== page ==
Introduction: The arts of rememberance

Andrew Gordon*, Thomas Rist

*Corresponding author for this work

Research output: Chapter in Book/Report/Conference proceedingChapter

1 Citation (Scopus)


Portraits are inherently mnemonic devices. The use of portraiture as a mnemonic device for post-Reformation Roman Catholics has frequently been remarked upon, but the subject remains more sparsely treated for the Tudor, as opposed to early Stuart, era, and for the middling elites rather than courtly figures in both times. Post-Reformation portraits of both Catholics and Protestants did not necessarily differ from each other in content, but they generally addressed more secular concerns than earlier works. In post-Reformation England at least up until the 1620s, those aims had very much more to do with the creation of mnemonic images which might legitimize and define the sitter, and invest his/her life and actions with additional authority, than with more aesthetic objectives. But the instance of portraiture in the service of memory and of martyrdom was not to succeed in that Laudian hey-day.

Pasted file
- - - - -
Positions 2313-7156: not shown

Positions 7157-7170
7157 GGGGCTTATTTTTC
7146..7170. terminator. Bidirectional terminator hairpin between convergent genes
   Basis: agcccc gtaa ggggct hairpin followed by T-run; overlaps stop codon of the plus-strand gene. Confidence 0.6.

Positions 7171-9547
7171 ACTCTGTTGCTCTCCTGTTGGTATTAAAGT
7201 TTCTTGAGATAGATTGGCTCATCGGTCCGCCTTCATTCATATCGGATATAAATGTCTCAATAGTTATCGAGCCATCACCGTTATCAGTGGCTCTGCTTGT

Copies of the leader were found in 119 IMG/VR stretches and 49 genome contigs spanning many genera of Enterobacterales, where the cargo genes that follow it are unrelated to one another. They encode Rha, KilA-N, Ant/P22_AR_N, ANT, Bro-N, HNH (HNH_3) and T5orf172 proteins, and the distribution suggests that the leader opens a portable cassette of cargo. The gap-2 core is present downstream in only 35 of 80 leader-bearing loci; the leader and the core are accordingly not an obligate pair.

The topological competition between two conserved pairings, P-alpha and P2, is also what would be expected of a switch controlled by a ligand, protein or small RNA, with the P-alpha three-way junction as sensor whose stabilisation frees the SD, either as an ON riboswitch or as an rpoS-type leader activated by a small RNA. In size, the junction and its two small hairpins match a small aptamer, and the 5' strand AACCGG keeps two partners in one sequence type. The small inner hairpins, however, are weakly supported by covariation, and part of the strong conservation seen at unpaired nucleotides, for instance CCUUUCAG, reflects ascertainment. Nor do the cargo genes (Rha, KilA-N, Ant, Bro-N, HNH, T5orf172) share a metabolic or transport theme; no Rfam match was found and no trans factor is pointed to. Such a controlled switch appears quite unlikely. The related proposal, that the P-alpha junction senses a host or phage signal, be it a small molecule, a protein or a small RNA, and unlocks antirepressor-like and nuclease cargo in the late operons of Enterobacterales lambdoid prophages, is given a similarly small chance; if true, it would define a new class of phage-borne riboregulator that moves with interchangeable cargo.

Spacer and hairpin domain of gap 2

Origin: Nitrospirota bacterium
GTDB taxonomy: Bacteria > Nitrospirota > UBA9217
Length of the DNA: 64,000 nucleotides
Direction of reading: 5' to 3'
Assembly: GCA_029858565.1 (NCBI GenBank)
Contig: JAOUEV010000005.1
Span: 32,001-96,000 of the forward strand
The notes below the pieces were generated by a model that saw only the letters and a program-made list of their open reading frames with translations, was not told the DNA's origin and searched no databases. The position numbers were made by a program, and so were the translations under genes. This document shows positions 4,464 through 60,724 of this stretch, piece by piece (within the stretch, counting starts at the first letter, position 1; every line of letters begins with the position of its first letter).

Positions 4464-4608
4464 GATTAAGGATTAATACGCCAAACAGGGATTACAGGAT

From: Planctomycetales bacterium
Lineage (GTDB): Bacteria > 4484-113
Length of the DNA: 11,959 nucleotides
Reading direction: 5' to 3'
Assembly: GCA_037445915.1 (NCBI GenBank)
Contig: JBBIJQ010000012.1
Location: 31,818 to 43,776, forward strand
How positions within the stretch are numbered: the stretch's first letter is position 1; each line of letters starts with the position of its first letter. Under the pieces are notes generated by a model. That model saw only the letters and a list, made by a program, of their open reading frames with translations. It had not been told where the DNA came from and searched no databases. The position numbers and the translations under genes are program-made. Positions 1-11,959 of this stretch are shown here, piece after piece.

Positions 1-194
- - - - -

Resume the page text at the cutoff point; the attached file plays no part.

Original languageEnglish
Title of host publicationThe Arts of Remembrance in Early Modern England
Subtitle of host publicationMemorial Cultures of the Post Reformation
EditorsAndrew Gordon, Thomas Rist
Place of PublicationLondon
Number of pages16
ISBN (Print)9781306069953
Publication statusPublished - 3 Oct 2013

Publication series

NameMaterial Readings in Early Modern Culture


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